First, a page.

When the best shot is no shot
What's the most difficult shot in cricket?
Probably the on drive, where you need to hit straight but slightly off your natural line. Close, but no cigar. The hardest shot is not even a shot; it's the leave.
I realised this many years too late to save a dwindling career in Claremont's lower thirds. In those days every ball had to be hit, and blocked only when you'd run out of breath after two successive quick singles. Leaving was left to wides that were out of reach.
Against an attack as disciplined as England's (aside from that first session at the Wanderers last Thursday), the leave is an essential part of a batsman's armoury. Stuart Broad & Co are like cricket's enchanting Sirens, luring the other side's batsmen onto the rocks with late swing and seam, and bounce. Odysseus might have had a plan to counter them; whoever the Proteas' batting coach is didn't.
It was the leave that undid some of our best batsmen in the first three Tests against England. Not that it would have saved Hashim Amla (an elegant leaver) at the Wanderers on Saturday, but poor Temba Bavuma did pick the right line to leave, then got his pads in the way and deflected the ball onto his stumps. The leave can be a bugger.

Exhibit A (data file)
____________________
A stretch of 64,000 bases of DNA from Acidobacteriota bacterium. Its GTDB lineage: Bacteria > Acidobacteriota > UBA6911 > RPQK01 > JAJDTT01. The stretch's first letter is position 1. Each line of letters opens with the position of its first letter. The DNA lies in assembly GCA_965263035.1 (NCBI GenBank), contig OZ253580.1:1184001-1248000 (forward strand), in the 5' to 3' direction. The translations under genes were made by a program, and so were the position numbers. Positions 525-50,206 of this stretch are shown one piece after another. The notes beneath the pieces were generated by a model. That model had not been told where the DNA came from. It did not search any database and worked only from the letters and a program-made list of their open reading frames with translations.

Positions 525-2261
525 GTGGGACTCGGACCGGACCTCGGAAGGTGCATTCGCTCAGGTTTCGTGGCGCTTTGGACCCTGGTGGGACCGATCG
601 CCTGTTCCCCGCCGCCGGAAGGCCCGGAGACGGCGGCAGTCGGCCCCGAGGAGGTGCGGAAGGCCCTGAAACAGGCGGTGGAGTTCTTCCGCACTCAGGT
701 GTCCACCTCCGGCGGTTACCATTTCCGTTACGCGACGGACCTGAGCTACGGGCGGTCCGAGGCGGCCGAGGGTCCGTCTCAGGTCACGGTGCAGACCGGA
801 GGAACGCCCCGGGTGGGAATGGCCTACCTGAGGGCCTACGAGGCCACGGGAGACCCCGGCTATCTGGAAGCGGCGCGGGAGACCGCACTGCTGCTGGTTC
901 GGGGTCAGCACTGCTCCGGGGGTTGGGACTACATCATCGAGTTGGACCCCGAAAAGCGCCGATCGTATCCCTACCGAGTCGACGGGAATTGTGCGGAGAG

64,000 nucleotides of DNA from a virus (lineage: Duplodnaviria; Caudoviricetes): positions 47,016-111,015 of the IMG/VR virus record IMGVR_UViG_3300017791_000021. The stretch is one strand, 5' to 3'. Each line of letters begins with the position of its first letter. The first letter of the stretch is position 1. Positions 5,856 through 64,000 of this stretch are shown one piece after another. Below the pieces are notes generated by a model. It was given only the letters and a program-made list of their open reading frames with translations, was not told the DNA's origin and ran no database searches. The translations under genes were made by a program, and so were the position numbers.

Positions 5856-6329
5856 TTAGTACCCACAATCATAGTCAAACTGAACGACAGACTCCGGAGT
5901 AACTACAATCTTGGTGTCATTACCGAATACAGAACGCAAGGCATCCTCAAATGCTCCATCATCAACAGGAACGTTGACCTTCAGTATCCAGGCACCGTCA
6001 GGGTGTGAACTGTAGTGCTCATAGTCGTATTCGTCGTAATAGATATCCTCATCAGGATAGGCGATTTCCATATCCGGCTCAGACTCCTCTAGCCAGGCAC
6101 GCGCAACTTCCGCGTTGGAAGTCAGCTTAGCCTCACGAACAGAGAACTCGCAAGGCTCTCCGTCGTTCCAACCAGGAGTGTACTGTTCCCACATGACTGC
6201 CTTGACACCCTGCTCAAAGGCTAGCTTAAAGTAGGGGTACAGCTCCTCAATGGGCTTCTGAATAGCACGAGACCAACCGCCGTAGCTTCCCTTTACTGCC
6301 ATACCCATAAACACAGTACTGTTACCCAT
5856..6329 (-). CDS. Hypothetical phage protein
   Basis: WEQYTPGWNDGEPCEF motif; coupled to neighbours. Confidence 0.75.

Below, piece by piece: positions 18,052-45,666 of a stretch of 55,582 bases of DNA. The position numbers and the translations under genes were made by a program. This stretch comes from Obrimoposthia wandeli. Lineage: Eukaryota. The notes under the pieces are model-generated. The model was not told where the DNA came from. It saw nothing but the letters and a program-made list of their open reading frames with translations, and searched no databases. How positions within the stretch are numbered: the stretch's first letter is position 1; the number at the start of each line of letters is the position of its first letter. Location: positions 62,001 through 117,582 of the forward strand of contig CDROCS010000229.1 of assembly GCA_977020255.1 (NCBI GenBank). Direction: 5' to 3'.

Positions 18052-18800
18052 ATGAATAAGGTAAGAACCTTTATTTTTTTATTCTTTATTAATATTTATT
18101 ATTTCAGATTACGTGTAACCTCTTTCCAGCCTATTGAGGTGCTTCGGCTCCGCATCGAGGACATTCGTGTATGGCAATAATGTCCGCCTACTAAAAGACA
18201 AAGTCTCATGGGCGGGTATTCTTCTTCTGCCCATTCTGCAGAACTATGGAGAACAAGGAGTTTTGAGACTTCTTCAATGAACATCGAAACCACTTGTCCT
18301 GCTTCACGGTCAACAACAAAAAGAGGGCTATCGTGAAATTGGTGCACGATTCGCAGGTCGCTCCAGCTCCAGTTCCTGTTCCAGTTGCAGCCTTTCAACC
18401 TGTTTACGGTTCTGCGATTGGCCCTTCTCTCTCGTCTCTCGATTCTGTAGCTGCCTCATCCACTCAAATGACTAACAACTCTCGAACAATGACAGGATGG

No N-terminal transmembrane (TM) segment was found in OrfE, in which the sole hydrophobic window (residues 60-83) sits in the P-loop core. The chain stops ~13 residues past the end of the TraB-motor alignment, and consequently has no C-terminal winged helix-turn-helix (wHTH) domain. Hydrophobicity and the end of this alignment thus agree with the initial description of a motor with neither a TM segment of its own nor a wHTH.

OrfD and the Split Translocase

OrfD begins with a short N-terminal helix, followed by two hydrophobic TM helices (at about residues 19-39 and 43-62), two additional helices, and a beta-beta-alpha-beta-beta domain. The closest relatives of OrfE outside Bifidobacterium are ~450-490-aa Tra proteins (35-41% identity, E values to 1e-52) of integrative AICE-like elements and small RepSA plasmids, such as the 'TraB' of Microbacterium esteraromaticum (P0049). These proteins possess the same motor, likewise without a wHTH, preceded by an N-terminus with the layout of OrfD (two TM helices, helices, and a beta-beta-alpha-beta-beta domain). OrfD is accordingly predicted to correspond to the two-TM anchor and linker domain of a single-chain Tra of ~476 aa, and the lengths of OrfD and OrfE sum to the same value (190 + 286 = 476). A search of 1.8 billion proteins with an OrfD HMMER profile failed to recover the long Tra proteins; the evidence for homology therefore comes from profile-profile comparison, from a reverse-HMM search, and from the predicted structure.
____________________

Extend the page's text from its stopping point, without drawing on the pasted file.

Mostly the leave is confined to first-class and Test cricket - and to players who can really bat, unlike those in the lower thirds.
The first thing about the leave, according to the experts, is "knowing where your off stump is". My teammates and I knew only that it was somewhere behind us.
Once you have a good idea of where the off stump is planted, you can focus on the moving part of the game: the ball.
Jacques Kallis once told me how Desmond Haynes, a former Western Province teammate, had taught him and other laaities in the team how to "watch the seam". As someone who struggled to merely see the ball, "watching the seam" was in the realm of the arcane. Somewhere on YouTube is an 11-minute compilation of Kallis's leaves. Perhaps the Proteas can find it and watch it; he was one of the best leavers in Test cricket.
There's also an irony to the leave. It's hardest to play early in an innings when you need it the most. It gets easier the more your confidence grows and the longer you stay at the crease. Not that I would know.
It's the frontline batsman's foxhole; it might not win battles, but will save his life while waiting for the barrage to lift and the bad balls to come (as they surely must).
Coaches will tell you that an ability to leave demonstrates a batsman's awareness and confidence that the ball will not threaten his stumps. It also requires an iron will to resist your natural instinct, which briefly deserted Dean Elgar as he perished on Saturday.
The trouble with the leave is that no batsman has ever scored off it, so it will test patience while waiting for the balls that can be hit for runs. That's why patience is the batting partner of the leave. The Proteas lacked it on Saturday, and so did their fans. Both now require that virtue - in very different ways.
Just a world of caution on the leave: beware the ball that cuts back!